Democracy Now?

Scholars and officials examine the state of politics and the rule of law in the United States.

The national conversation on the state of US democracy found ready audiences at NYU Law last academic year as thought leaders visited the Law School to share their views.

Last October, a few months before announcing his run for the presidency, Julián Castro, former secretary of housing and urban development in the Obama administration, engaged in conversation with Maria Hinojosa, the anchor of National Public Radio’s Latino USA, at an event organized by NYU Law’s Brennan Center for Justice. In a wide-ranging exchange, Castro discussed the challenges facing Latinas and Latinos in the current US political climate, the damage caused by the Trump administration’s family separation policy at the border, and affirmative action in higher education.

Julian Castro portrait
Julián Castro

“It feels like this is a time when a lot of the leadership in Washington, DC, is hellbent on pushing back against [Latino advancement],” said Castro, “and on limiting people again and picking and choosing who gets opportunity.”

Harold Koh, legal adviser of the US State Department during the Obama presidency, contended at a November event hosted by the Reiss Center on Law and Security and the online forum Just Security that the rule of law in the United States is more powerful than President Donald Trump. In a discussion with CNN legal analyst Jeffrey Toobin, Koh asserted that, by ignoring many governmental norms, the Trump administration has invited legal challenges and bureaucratic resistance. “If you actually totaled up what’s happened in the last two years,” said Koh, “there’s been much less real accomplishment and much more of a rattling of the cages.”

Not all battles occur at the federal level. State attorneys general must stand up to policies and actions from the Trump administration that they view as illegal—but they should also avoid taking a purely reactive stance, New Jersey AG Gurbir Grewal argued in an October talk that was organized by the Center on the Administration of Criminal Law.

Grewal offered a two-part test for state attorneys general who are confronted by an apparent abuse of power by the federal government: is the federal government’s action wrong on the law, and does it affect your state’s residents? Grewal has challenged efforts to rescind the Deferred Action for Childhood Arrivals (DACA) program and the Trump administration’s plan to allow offshore drilling on the Atlantic coast.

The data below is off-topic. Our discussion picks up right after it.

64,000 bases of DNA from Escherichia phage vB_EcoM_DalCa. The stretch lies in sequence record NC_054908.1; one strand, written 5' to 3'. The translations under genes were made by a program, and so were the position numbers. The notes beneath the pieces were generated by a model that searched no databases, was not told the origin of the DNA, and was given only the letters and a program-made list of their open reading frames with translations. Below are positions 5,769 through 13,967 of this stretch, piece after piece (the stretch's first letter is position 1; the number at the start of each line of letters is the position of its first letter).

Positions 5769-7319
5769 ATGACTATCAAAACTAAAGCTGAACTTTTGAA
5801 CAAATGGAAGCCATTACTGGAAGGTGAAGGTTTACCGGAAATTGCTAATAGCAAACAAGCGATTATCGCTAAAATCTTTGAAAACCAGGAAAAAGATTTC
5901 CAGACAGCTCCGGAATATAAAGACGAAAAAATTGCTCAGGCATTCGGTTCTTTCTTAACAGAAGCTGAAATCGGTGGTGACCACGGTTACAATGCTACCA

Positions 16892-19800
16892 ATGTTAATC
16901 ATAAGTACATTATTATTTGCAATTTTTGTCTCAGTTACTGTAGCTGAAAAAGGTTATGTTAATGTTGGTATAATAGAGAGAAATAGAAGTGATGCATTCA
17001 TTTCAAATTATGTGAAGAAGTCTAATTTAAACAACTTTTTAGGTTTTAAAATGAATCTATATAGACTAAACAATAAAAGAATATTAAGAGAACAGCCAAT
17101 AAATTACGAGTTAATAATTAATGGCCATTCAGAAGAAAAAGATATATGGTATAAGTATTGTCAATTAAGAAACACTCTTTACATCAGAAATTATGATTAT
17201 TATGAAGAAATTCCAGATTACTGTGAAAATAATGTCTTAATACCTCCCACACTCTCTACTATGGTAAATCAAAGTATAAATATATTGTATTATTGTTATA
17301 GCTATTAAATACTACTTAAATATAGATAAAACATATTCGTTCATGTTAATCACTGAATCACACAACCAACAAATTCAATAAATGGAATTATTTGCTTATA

“The role of the state AG should not just be about reacting to the latest crisis coming out of Washington,” he said. “We have to show others what our vision looks like.”

Some visions are more troubling than others. US democracy is a finely calibrated and fragile instrument, warned Professor Jonathan Haidt of NYU Stern School of Business during a keynote last November for the Law Alumni Association Fall Conference on “Democratic Distortions.” (The talk doubled as a Latham & Watkins Forum.)

Jonathan Haidt
Jonathan Haidt

Drawing on research in moral psychology, Haidt identified stressors intensifying divisiveness in American society and politics. Although humans share basic values such as compassion, fairness, liberty, loyalty, sanctity, and authority, he said, liberals and conservatives assign different weights to such values—and those differences are increasing, in large part because of social media, making politics “more like a fundamentalist religion.”

“[Humans] are unsuited for life in large, diverse, secular societies, unless…you get certain settings finely adjusted to make possible the development of stable political life,” Haidt said. “So, clearly, it’s possible for us to live this way, but what I’d like to suggest is that the margin for error may be very small.” 

Posted September 4, 2019